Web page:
When celecoxib plus PPI was excluded from the analysis, celecoxib alone was the most cost effective option for treating OA in Saudi Arabia over all treatment durations (data not shown). Over 2- and 5-year treatment durations, the increased costs per patient with celecoxib alone (US$ 4,716.80 and US$ 7,407.10, respectively) were associated with highest QALYs gained per patient versus all comparators (1.24 QALYs and 2.50 QALYs, respectively), giving ICERs of US$ 3,943.85 and US$ 2,096.32, respectively, versus ibuprofen plus PPI (data not shown). We believe this is an important finding relevant for consideration in situations where PPIs may not be available. Of note, the ICERs for long-term treatment with celecoxib plus PPI and celecoxib alone were within the prescribed 1 GDP per capita for Saudi Arabia.

The robustness of findings was further confirmed with CEACs for the base case analysis. The probability that a treatment option would be cost effective was plotted against the Y-axis and the threshold cost effectiveness (the amount of money that one is willing to spend to gain one year of life) on the X-axis. Our analysis found a significantly higher likelihood that celecoxib plus PPI and celecoxib alone would be more cost effective versus comparators once the willingness to pay is over US$ 2,000.00 (data not shown).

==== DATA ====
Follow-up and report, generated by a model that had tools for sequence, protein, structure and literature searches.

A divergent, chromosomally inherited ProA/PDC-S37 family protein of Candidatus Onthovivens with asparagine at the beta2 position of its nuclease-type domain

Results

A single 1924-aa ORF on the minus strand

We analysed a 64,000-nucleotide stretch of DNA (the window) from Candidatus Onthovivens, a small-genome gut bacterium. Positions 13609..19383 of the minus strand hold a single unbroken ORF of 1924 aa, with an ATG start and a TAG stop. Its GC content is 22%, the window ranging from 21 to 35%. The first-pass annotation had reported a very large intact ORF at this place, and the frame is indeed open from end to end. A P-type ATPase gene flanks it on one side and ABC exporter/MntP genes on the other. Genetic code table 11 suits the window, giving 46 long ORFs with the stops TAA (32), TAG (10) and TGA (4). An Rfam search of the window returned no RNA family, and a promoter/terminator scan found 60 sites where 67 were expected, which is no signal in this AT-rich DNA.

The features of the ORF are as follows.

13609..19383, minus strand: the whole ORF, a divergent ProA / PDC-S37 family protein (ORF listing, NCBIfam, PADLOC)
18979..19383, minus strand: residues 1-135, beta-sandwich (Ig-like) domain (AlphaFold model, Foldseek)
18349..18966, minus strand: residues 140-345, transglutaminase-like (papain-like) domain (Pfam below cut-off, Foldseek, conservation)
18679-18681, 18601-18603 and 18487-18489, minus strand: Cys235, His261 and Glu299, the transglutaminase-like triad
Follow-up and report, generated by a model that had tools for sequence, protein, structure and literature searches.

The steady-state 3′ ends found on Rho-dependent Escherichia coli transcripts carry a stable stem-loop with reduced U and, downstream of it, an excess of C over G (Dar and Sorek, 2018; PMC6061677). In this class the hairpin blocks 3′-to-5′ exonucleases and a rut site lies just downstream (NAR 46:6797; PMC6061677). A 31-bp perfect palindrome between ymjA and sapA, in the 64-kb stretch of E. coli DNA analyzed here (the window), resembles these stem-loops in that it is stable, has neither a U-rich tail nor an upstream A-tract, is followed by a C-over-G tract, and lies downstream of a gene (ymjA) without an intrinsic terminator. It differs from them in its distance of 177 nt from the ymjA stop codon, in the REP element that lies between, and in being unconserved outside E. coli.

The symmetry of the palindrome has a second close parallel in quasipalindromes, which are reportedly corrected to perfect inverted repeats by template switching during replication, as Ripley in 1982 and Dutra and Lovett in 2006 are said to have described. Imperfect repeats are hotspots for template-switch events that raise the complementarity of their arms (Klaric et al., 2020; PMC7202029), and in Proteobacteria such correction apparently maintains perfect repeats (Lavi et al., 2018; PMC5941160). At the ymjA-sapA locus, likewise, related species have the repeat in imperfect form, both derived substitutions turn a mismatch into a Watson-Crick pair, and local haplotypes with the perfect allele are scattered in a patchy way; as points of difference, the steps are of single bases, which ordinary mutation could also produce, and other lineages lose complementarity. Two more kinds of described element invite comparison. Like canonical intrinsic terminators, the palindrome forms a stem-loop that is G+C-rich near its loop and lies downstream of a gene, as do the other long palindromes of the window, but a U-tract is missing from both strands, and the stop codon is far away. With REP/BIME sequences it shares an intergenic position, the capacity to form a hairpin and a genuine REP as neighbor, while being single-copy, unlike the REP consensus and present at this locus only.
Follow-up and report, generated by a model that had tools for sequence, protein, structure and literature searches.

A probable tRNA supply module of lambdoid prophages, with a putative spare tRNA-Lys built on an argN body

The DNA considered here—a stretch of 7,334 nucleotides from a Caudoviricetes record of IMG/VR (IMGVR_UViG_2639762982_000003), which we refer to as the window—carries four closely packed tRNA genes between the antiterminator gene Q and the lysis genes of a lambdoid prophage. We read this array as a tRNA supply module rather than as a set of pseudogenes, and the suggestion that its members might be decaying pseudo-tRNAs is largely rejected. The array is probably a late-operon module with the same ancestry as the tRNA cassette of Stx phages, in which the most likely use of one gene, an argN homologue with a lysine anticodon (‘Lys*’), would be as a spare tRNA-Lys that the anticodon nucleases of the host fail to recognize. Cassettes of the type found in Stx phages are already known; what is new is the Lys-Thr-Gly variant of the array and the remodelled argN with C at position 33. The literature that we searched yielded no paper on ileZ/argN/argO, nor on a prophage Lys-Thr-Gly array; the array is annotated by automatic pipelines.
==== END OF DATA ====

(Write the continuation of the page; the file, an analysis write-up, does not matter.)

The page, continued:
Discussion

After considering adverse event data from five large trials including predominantly OA patients, this CEA found that, over a 6-month treatment duration, celecoxib is more cost-effective than ns-NSAIDs, with and without PPI co-therapy, for treating Saudi Arabian OA patients aged ≥65 years. Celecoxib plus PPI remained the most cost-effective intervention even over a 5-year treatment duration. Analyses over 6-month, 2-year and 5-year treatment durations found that, next to celecoxib plus PPI, celecoxib alone had the highest QALYs gained/patient and was the most cost effective intervention. At a cost effectiveness threshold of 1 GDP per capita in Saudi Arabia, celecoxib plus PPI, as well as celecoxib alone, were highly cost effective for medium- and long-term treatment of OA in elderly Saudi Arabian patients.